The seats of the worship of some special divinity, where prophecies were imparted with the sanction of the divinity, either by the priests themselves or with their co-operation. There were a great many such places in all Greek countries, and these may be divided, according to the method in which the prophecy was made known, into four main divisions: (1) oral oracles, (2) oracles by signs, (3) oracles by dreams, and (4) oracles of the dead. The most revered oracles were those of the first class, where the divinity, almost invariably the seer-god Apollo, orally revealed his will through the lips of inspired prophets or prophetesses. The condition of frenzy was produced for the most part by physical influence: the breathing of earthly vapours or drinking of the water of oracular fountains. The words spoken whilst in this state were generally fashioned by the priests into a reply to the questions proposed to them. The most famous oracle of this kind was that of Delphi (see DELPHIC ORACLE). Beside this there existed in Greece Proper a large number of oracles of Apollo, as at Ab' in Phocis, in different places of Boeotia, in Euboea, and at Argos, where the priestess derived her inspiration from drinking the blood of a lamb, one being killed every month. Not less numerous were the oracles of Apollo in Asia Minor. Among these that of the Didym'an Apollo at Miletus traced its origin to the old family of the Branchid', the descendants of Apollo's son Branchus. Before its destruction by Xerxes, it came nearest to the reputation of the Delphian. Here it was a priestess who prophesied, seated on a wheel-shaped disc, after she had bathed the hem of her robe and her feet in a spring, and had breathed the steam arising from it. The oracle at Clarus near Colophon (see MANTO) was also very ancient. Here a priest, after simply hearing the names and the number of those consulting the oracle, drank of the water of a spring, and then gave answer in verse. The most respected among the oracles where prophecy was given by signs was that of Zeus of Dodona (q.v.), mentioned as early as Homer [Od. xiv 327=xix 296], where predictions were made from the rustling of the sacred oak, and at a later time from the sound of a brazen cymbal. Another mode of interpreting by signs, as practised especially at the temple of Zeus at Olympia by the Iamid', or descendants of Iamus, a son of Apollo, was that derived from the entrails of victims and the burning of the sacrifices on the altar. There were also oracles connected with the lot or dice, one especially at the temple of Heracles at Bura in Ach'a; and prophecies were also delivered at Delphi by means of lots, probably only at times when the Pythia was not giving responses. The temple of the Egyptian Ammon, who was identified with Zeus, also gave oracles by means of signs. Oracles given in dreams were generally connected with the temples of Asclepius. After certain preliminary rites, sick persons had to sleep in these temples; the priests interpreted their dreams, and dictated accordingly the means to be taken to insure recovery. The most famous of these oracular shrines of the healing god was the temple at Epidaurus, and next to this the temple founded thence at Pergamum in Asia Minor. Equally famous were the similar oracles of the seer Amphilochus at Oropus, of Trophonius at Lebadea in Boeotia, and of the seers Mopsus and Amphilochus at Mallus in Cilicia (q.v.). In later times such oracles were connected with all sanctuaries of Isis and Serapis. At oracles of the dead (psychomanteia) the souls of deceased persons were evoked in order to give the information desired. Thus in Homer [Od. xi] Odysseus betakes himself to the entrance of the lower world to question the spirit of the seer Tiresias. Oracles of this kind were especially common in places where it was supposed there was an entrance to the lower world; as at the city of Cichyrus in Epirus (where there was an Acherusian lake as well as the rivers of Acheron and Cocytus, bearing the same, names as those of the world below), at the promontory of T'narum in Laconia, at Heraclea in Pontus, and at Lake Avernus near Cum' in Italy. At most of them oracles were also given in dreams; but there were some in which the inquirer was in a waking condition when he conjured up the spirits whom he wished to question. While oracles derived either from dreams or from the dead were chosen in preference by superstitious people, the most important among oral oracles and those given by means of signs had a political significance. On all serious occasions they were questioned on behalf of the State in order to ascertain the divine will: this was especially the case with the oracle of Delphi (see DELPHIC ORACLE). In consequence of the avarice and partisanship of the priests, as well as the increasing decline of belief in the gods, the oracles gradually fell into abeyance, to revive again everywhere under the Roman emperors, though they never regained the political importance they had once had in ancient Greece. Such investigation of the divine will was originally quite foreign to the ROMANS. Even the mode of prophecying by means of lots (see SORTES), practised in isolated egions of Italy, and even in the immediate neighbourhood of Rome, as at C're, and especially at Pr'neste, did not come into use, at all events for State purposes, and was generally regarded with contempt. The Romans did not consult even the Sibylline verses in order to forecast the future. On the other hand, the growth of superstition in the imperial period not only brought the native oracles into repute, but caused a general resort to foreign oracles besides. The inclination to this kind of prophecy seems never to have been more generally spread among the masses of the people than at this time. Apart from the Greek oracular deities, there were the oriental deities whose worship was nearly everywhere combined with predictions. In most of the famous sanctuaries the most various forms of prophecy were represented, and the stranger they were, the better they were liked. In the case of the oral oracles the responses in earlier times were for the most part composed in verse: on the decay of poetic productiveness, they began to take the form of prose, or of passages from the poets, the Greeks generally adopting lines of Homer or Euripides, the Italians, lines of Vergil. The public declaration of oracles ended with the official extermination of paganism under Theodosius at the end of the 4th century.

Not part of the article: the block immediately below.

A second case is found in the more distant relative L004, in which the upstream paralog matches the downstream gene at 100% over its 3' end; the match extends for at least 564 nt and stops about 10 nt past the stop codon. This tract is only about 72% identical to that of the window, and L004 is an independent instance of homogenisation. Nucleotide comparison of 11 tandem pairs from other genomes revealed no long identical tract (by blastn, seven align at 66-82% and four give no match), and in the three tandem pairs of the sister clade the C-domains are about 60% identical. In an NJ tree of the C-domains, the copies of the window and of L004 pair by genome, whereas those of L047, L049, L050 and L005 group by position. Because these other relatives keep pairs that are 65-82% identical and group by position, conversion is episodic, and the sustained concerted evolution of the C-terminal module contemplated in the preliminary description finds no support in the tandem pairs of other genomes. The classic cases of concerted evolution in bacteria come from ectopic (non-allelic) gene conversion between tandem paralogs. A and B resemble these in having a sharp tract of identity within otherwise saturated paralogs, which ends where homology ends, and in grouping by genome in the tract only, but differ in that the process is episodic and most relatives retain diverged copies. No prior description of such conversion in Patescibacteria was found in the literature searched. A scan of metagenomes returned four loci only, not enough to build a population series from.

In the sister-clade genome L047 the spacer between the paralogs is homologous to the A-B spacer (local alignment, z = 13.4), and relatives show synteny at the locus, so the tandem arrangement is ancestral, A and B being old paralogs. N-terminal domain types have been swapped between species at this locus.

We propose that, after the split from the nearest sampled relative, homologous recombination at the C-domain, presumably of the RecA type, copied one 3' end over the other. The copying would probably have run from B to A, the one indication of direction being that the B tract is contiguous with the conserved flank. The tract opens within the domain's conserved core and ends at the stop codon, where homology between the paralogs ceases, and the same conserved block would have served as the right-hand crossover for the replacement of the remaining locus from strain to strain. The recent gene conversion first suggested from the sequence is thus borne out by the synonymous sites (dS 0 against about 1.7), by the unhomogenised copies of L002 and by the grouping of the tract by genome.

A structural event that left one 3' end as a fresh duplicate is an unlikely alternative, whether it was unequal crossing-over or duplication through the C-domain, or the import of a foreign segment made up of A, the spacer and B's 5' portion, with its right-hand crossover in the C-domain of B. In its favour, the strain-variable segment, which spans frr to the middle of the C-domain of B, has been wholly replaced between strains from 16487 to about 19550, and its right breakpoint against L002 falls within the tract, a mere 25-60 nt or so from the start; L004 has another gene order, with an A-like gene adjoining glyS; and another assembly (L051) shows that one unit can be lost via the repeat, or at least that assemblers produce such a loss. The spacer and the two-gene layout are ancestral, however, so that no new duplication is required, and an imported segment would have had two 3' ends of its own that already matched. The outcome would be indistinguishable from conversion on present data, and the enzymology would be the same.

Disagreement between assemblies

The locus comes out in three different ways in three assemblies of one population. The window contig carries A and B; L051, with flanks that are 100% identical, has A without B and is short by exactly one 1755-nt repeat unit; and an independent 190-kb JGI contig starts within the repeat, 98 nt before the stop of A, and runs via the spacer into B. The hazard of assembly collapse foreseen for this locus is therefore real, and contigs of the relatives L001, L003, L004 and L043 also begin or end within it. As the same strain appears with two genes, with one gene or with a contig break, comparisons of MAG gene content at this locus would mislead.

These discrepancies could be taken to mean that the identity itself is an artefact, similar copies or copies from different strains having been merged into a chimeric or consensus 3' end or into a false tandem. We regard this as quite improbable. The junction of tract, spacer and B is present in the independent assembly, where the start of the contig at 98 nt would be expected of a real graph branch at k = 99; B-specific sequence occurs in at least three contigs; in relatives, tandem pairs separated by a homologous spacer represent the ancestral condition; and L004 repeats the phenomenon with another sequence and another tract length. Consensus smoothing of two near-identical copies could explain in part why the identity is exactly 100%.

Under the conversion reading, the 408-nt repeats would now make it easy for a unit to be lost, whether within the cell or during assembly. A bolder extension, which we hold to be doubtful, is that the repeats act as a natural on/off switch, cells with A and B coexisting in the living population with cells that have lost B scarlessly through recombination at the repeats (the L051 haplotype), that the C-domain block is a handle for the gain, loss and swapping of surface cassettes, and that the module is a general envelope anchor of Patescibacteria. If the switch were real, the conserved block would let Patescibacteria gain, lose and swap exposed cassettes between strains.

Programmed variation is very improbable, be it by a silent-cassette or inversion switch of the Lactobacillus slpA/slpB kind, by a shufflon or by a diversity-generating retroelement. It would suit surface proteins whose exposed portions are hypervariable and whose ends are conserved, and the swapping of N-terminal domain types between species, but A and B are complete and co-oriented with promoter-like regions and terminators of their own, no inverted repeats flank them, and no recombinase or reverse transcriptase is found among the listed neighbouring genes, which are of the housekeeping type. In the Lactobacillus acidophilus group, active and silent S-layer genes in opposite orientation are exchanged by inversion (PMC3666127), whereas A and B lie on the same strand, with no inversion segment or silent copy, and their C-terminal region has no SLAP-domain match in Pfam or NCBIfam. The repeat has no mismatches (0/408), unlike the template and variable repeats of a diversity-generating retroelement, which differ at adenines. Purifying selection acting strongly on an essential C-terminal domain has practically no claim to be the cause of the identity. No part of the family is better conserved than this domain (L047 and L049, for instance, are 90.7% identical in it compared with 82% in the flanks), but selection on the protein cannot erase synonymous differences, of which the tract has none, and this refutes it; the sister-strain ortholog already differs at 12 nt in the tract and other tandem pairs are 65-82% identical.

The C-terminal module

Query:
Type: Standard
SoundEx
Results:
  
gutter splint
gutter splint
PLACE HOLDER FOR COUNTER
gutter splint